Things I hope to do differently next time:

In the first draft:

  1. Sketch a plot outline, estimating word/scene counts between plot points.
  2. Write fast. Make my sentences sound as fourth-grade as possible if that's what it takes to get the story down on paper.
  3. Err on the side of too few words rather than too many. If I'm writing fast, it will probably be kind of sparse anyway. Then later I can elaborate on what's there rather than chop it to pieces.
  4. If I have a new plot idea by November I'll try NaNoWriMo. The goal is 50,000 words in 30 days.

Revising:

  1. Triage. Big stuff first. Structure, plot (holes). Then medium stuff. Characters, pacing, tension. Then small stuff. Dialogue, showing vs telling. Then surface stuff.

Sunday, April 03, 2016

Below 95,000 Words (more than once) (AKA the quickest way to slash a stubborn word count)

(Okay, maybe the quickest way to slash the word count is: Boring scene? SEVER IT!)

I've pared down to the mid 90,000s. In the first two drafts, part 4 (the end) got minimal & rushed tending, so it still has several not-yet-written scenes. This time, I wanted to get to part 4 before I lost all my steam, so I've skipped ahead to add those missing scenes. In other words, whatever word loss I've managed now gets reversed.

Getting back up near 100,000 freaks me out, so in between adding scenes, I'll go find an easy hit to pare down. There's still a lot of story I know I need to cut from parts 2 and 3, but I want to finish part 4 before I go anywhere else scene-by-scene.

So here's my favorite way to cut a lot of words in not a lot of time. I use Scrivener, but any word processor with a search feature will work: Search for a word you overuse. (Looked, turned, and reached are common and, good news, they're often unnecessary because they're implied: the narrator can't describe something if the character hasn't looked at it. I personally overuse smiled, frowned, and seemed.) Go through each search result, and see if you can cut the overused word/phrase. If not, that's okay. If so, yay!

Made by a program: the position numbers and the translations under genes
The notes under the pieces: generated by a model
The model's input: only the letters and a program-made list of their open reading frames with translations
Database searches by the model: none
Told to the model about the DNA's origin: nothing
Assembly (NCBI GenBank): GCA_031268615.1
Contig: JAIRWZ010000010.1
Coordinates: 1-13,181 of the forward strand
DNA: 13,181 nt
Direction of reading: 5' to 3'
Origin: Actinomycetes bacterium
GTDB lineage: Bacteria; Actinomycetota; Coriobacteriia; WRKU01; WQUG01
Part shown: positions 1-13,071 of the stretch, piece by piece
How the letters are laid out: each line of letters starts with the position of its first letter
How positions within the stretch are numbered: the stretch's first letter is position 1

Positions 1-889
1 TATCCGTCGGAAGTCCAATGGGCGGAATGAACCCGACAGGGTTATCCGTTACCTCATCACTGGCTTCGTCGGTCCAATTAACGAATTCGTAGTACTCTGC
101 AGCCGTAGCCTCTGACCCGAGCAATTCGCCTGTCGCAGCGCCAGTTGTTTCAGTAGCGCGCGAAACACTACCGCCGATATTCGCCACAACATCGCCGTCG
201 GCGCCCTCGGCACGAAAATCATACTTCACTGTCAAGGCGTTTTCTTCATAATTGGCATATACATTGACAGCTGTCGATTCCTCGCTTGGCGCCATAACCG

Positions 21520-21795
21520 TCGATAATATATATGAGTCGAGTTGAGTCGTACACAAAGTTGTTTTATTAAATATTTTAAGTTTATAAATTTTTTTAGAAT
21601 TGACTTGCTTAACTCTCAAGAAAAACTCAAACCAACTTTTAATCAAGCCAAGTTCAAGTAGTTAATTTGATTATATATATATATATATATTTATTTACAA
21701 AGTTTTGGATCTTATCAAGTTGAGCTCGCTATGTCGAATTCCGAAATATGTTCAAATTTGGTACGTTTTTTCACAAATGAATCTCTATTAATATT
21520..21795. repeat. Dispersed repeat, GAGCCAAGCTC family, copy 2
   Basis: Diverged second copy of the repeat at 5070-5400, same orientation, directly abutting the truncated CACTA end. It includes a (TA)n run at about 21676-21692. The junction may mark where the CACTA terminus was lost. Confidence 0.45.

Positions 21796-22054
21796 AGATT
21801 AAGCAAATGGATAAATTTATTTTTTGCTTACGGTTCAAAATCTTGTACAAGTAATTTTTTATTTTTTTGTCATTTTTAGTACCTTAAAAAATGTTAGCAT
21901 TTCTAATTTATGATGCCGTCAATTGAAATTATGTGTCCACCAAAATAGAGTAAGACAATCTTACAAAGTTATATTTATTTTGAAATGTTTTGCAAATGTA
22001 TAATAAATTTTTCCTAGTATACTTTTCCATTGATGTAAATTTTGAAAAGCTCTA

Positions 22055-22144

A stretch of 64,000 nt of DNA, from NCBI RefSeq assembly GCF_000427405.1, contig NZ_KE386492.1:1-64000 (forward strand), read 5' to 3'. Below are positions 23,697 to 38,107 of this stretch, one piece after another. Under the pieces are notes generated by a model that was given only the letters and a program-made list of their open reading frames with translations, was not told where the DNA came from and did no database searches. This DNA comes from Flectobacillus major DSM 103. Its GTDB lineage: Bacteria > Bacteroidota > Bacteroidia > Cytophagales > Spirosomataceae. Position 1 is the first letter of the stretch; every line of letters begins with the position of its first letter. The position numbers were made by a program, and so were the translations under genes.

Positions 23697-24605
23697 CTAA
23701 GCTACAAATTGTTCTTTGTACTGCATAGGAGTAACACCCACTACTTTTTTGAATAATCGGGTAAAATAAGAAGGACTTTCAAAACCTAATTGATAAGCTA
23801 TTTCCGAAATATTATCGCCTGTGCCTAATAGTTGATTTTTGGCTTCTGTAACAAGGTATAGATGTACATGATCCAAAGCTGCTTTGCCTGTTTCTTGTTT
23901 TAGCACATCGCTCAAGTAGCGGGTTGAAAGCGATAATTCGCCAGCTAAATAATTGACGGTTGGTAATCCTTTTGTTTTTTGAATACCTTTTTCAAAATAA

Doesn't sound like it'd make much of a difference, but it has for me. When I revise scene by scene, I'm caught up in the story, and feel more protective of my dear words. But when I see only snippets, I notice the prose more objectively. I realize just how many times characters turn, look, smile, grunt, emerge, etc. EXTERMINATE! Sometimes "She turned and walked away" can be "She walked away." SLASH! Sometimes (surprise!) I don't need the sentence at all, because walking away doesn't matter to the scene. SEVER! Huge bonus: in my snippet-browsing, I notice a lot of nearby extras: Ex. The conversation she's walking away from has two or three lines that slow the dialogue, something I didn't realize/admit in my scene-by-scene editing. Or this scene where he smiles three times is pretty much a repeat of that other scene with all the smiles. CUT! (The trick is to not read everything, just focus on the target word, and notice easy hits nearby.)

With my most overused words, I can get a 1,000 word difference after one search.

Tip: In Scrivener, instead of the search box at the top I use the Find & Replace, because it has a "next" button. So instead of scrolling to find the next instance, you can just click straight to it.